Marco Polo

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“Marco!”

“Polo!”

“Marco!”

“Polo!”

If you’ve spent more than ten minutes at a public pool during summer vacation, there’s a good chance you’ve heard these familiar words being yelled by children enjoying their time off from school. It’s a simple game: one kid closes his eyes, yells “Marco,” and waits for the reply from his friends. “Polo!” he hears, shouted from all directions. He swims in the direction of the shouts, hoping to catch one of his friends. When he fails to find one, he calls “Marco” again, and all his friends shout back “Polo!”—loud enough that he can hear, but quietly enough that they can’t be found too easily. Eventually, Marco is going to find one of his friends, and he gets to open his eyes.

Most of us associate this game with the bygone days of childhood and summer vacation. But if you ask me, we spend all our lives playing this game. Sure, we may not be in a pool, and we may not have a dozen friends yelling “Polo!” back at us. Our journey to God, however, looks an awful lot like a game of Marco Polo.

Oftentimes, when I’m trying to pray, I feel like I’m swimming around with my eyes closed, unsure of which direction to go. I settle into the chapel and call out to God, “Marco!” And then I wait. And wait. And wait some more. Every so often, God will call back, ever so softly, “Polo.” And then I swim in his direction. Before too long, I’ve lost track of where he might be, so I call out again. Eventually, he calls back. And once again, I take off in his direction.

Sometimes we wait so long to hear him, we think he may have stopped playing. Simply got out of the pool and went somewhere else. Many great saints—the recently canonized Mother Teresa and the recently celebrated Thérèse of Lisieux, for example—went years without hearing God’s voice. But they never stopped calling, and that’s part of the reason they’re saints.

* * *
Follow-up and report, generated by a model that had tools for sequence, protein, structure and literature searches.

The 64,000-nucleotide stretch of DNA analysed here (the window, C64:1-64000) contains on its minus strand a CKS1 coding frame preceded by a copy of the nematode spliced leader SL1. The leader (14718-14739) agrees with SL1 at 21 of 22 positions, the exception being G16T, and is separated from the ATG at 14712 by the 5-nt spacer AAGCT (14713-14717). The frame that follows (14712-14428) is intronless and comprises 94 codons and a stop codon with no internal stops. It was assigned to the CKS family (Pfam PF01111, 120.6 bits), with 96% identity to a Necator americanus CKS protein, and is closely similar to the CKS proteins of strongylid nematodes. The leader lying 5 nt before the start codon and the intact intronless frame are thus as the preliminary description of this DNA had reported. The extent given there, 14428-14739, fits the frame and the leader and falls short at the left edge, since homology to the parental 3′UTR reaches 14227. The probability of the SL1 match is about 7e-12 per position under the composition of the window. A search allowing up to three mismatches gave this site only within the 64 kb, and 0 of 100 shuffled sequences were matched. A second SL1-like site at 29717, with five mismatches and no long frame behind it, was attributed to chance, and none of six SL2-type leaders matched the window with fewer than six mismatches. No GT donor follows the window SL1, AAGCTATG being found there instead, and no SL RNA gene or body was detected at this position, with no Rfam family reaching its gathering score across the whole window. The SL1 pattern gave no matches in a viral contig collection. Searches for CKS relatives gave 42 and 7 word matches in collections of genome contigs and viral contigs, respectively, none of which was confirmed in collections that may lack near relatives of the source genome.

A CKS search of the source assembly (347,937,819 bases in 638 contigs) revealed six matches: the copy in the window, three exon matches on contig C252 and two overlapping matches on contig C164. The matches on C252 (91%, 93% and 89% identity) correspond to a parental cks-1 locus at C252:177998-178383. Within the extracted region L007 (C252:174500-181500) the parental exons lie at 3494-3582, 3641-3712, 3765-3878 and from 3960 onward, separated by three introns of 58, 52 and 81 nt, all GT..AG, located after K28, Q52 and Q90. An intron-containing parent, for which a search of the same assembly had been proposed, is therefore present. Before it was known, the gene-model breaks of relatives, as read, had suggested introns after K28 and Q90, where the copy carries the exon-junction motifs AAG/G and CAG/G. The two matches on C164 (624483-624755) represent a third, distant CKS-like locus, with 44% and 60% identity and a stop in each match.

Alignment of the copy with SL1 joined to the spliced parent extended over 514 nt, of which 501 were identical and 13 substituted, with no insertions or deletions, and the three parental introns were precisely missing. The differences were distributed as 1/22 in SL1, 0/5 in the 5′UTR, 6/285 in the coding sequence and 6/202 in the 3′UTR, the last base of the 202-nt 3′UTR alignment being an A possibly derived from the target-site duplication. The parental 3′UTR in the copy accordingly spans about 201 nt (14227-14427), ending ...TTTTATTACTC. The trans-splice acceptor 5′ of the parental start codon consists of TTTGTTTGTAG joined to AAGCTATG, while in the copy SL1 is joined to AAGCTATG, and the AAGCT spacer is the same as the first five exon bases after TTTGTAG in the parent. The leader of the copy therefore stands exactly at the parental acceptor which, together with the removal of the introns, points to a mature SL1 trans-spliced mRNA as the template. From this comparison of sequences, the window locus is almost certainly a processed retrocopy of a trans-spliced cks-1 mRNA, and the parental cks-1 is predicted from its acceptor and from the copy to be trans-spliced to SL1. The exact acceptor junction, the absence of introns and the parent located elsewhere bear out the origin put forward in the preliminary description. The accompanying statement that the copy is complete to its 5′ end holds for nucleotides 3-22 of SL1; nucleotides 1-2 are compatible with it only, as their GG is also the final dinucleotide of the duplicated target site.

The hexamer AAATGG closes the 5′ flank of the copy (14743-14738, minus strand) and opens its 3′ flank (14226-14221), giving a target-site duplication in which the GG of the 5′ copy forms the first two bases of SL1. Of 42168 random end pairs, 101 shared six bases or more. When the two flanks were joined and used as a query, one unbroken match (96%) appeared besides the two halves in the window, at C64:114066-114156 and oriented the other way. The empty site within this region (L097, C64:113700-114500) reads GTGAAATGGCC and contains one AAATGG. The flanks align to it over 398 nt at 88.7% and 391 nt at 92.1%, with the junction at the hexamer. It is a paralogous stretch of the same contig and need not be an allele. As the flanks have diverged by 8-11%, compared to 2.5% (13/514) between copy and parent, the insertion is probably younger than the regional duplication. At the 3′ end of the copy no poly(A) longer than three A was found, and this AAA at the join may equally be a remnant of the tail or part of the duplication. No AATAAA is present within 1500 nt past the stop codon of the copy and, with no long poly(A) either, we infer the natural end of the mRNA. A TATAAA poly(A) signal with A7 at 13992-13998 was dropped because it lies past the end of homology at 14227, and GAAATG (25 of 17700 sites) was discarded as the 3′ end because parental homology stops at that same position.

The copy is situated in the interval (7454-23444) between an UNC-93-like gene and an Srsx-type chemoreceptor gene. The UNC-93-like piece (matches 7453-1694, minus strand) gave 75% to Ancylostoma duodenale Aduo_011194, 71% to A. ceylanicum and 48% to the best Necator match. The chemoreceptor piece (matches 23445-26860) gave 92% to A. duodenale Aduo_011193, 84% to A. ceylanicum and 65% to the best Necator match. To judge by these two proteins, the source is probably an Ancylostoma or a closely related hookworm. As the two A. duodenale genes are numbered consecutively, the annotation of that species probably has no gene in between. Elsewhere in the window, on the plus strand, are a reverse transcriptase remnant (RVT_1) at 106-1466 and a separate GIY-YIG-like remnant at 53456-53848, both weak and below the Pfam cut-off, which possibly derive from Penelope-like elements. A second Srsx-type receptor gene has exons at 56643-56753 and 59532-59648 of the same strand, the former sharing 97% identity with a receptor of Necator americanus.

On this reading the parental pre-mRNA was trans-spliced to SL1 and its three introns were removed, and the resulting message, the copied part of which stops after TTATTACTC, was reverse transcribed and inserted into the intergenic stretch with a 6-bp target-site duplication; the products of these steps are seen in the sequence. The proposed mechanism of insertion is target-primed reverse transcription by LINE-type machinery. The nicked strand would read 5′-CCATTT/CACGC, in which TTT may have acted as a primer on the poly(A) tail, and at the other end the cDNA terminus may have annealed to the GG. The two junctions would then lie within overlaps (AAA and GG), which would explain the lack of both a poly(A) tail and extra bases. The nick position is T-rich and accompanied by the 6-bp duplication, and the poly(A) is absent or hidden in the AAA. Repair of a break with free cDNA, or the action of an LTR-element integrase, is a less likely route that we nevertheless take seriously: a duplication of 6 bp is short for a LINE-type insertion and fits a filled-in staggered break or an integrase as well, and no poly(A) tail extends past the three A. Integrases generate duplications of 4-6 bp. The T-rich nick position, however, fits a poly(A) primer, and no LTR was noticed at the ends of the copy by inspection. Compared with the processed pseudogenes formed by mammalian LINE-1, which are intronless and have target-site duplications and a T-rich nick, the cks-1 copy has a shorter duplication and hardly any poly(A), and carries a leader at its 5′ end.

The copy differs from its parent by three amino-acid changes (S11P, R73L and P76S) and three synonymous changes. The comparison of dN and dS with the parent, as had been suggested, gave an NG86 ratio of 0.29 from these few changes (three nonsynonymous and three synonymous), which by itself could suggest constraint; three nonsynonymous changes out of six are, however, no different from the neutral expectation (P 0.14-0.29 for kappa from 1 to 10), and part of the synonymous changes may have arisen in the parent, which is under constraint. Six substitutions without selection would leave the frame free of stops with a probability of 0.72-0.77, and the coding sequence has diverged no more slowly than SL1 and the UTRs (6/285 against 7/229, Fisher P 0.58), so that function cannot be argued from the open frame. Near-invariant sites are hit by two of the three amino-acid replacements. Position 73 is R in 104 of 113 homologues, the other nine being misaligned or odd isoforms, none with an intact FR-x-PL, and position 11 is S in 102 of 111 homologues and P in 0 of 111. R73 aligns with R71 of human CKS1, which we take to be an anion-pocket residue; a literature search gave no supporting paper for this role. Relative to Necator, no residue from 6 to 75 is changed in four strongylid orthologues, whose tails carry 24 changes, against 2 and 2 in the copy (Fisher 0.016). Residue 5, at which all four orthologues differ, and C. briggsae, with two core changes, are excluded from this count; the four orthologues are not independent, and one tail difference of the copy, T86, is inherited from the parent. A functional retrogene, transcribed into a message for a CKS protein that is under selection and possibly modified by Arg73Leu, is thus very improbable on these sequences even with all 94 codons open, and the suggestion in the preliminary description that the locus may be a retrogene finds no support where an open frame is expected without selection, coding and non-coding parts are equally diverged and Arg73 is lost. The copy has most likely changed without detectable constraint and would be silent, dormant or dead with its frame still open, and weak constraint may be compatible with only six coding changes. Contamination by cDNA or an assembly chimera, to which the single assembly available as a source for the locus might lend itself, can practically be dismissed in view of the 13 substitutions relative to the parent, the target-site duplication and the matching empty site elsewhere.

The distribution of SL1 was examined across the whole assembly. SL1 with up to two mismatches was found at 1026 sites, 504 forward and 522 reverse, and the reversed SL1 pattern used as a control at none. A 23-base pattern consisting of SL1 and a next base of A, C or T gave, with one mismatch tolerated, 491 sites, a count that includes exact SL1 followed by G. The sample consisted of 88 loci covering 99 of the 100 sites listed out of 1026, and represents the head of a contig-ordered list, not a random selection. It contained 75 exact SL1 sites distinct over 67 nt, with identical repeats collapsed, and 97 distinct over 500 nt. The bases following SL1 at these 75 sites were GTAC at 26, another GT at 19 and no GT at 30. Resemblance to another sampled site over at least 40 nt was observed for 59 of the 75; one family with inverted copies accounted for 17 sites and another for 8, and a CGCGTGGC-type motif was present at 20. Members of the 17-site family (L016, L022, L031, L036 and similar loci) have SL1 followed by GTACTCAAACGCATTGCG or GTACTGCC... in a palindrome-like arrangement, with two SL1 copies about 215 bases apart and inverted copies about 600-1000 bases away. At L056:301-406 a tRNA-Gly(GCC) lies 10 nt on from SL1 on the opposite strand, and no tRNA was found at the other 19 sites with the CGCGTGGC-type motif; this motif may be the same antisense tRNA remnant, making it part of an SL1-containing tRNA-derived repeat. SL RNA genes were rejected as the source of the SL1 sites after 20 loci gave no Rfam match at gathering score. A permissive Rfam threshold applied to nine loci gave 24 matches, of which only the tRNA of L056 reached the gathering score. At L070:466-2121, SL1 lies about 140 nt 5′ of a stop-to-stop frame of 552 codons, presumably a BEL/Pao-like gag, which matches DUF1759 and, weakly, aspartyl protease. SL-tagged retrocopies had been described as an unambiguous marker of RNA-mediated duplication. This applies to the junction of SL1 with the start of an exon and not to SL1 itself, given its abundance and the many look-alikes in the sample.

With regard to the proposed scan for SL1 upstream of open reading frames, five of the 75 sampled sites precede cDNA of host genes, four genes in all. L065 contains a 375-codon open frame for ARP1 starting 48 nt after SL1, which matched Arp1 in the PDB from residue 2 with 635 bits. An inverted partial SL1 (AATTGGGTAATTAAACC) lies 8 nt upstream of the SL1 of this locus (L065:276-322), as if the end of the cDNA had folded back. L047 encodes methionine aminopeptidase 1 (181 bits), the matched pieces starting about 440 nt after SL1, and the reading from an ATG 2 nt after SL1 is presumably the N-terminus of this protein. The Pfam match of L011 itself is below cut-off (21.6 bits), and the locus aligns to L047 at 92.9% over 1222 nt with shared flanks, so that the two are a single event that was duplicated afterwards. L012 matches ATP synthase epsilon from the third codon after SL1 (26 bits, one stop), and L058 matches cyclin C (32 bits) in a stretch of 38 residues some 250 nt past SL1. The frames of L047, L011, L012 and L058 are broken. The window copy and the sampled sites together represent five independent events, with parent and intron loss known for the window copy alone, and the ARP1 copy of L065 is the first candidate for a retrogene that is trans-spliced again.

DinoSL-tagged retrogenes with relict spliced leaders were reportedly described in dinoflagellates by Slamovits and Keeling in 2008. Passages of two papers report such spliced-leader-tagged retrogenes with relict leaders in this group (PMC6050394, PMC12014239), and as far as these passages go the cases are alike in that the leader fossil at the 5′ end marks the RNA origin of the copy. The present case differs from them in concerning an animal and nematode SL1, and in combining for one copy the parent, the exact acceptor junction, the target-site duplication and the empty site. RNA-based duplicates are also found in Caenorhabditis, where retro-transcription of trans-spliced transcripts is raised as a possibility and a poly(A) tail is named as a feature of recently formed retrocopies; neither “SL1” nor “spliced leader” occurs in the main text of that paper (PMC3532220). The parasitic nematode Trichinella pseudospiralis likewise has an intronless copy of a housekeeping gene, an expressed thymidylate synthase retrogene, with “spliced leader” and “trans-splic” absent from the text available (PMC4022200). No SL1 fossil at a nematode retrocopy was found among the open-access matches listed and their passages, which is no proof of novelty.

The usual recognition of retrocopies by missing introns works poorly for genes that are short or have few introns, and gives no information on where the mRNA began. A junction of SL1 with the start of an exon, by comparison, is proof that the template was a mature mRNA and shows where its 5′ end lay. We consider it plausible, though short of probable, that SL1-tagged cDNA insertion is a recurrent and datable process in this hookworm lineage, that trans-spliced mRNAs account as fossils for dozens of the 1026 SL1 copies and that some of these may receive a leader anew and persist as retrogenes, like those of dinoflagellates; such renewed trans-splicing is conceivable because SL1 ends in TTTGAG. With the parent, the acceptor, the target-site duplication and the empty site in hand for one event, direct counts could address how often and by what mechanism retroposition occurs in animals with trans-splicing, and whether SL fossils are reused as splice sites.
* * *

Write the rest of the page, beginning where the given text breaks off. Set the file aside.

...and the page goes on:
We may not know why God keeps us waiting so long. Perhaps he’s letting us try to find him on our own, walking—or swimming, in this case—by faith. He could be calling us into the deep end, to show us that we can swim, so long as we follow where he leads us. After all, didn’t Our Lord ask Peter to “put out into the deep” (Lk 5:4), without telling him why? And yet Peter followed, and the Lord rewarded his faithfulness. Christ will do the same for us when we follow him into the deep. So whether we know the reason or not, when we do hear his voice again, we realize that he has never really stopped playing this metaphorical game of Marco Polo, and we continue to swim after him. He’s always there, ready to call out to us, just loudly enough that we know where to go, just loudly enough to bring us ever closer to him. And we need to chase after him.

So we keep on playing. We go to church week after week, sit in the chapel day after day, calling out to God. Sometimes we hear him call back, sometimes we don’t. But when we do, we need to take off swimming in his direction. And when we get tired, which we inevitably will, we call out again. As long as we keep doing this—calling out, swimming in his direction—when it’s finally time for the game to end, we can call out one final time. God will call back, and we can open our eyes, finally seeing the face of the one friend we’ve been searching for all along.

Image: El Greco, St. Dominic in Prayer (detail)

By | 2016-10-06T01:00:43+00:00 October 6, 2016|Prayer, Virtue|

About this Brother:

Br. Stephen Ruhl, O.P.
Br. Stephen Ruhl was born and raised on Long Island. He attended Providence College, graduating in 2015 with a degree in French. He entered the Order of Preachers shortly after graduation. On DominicanFriars.org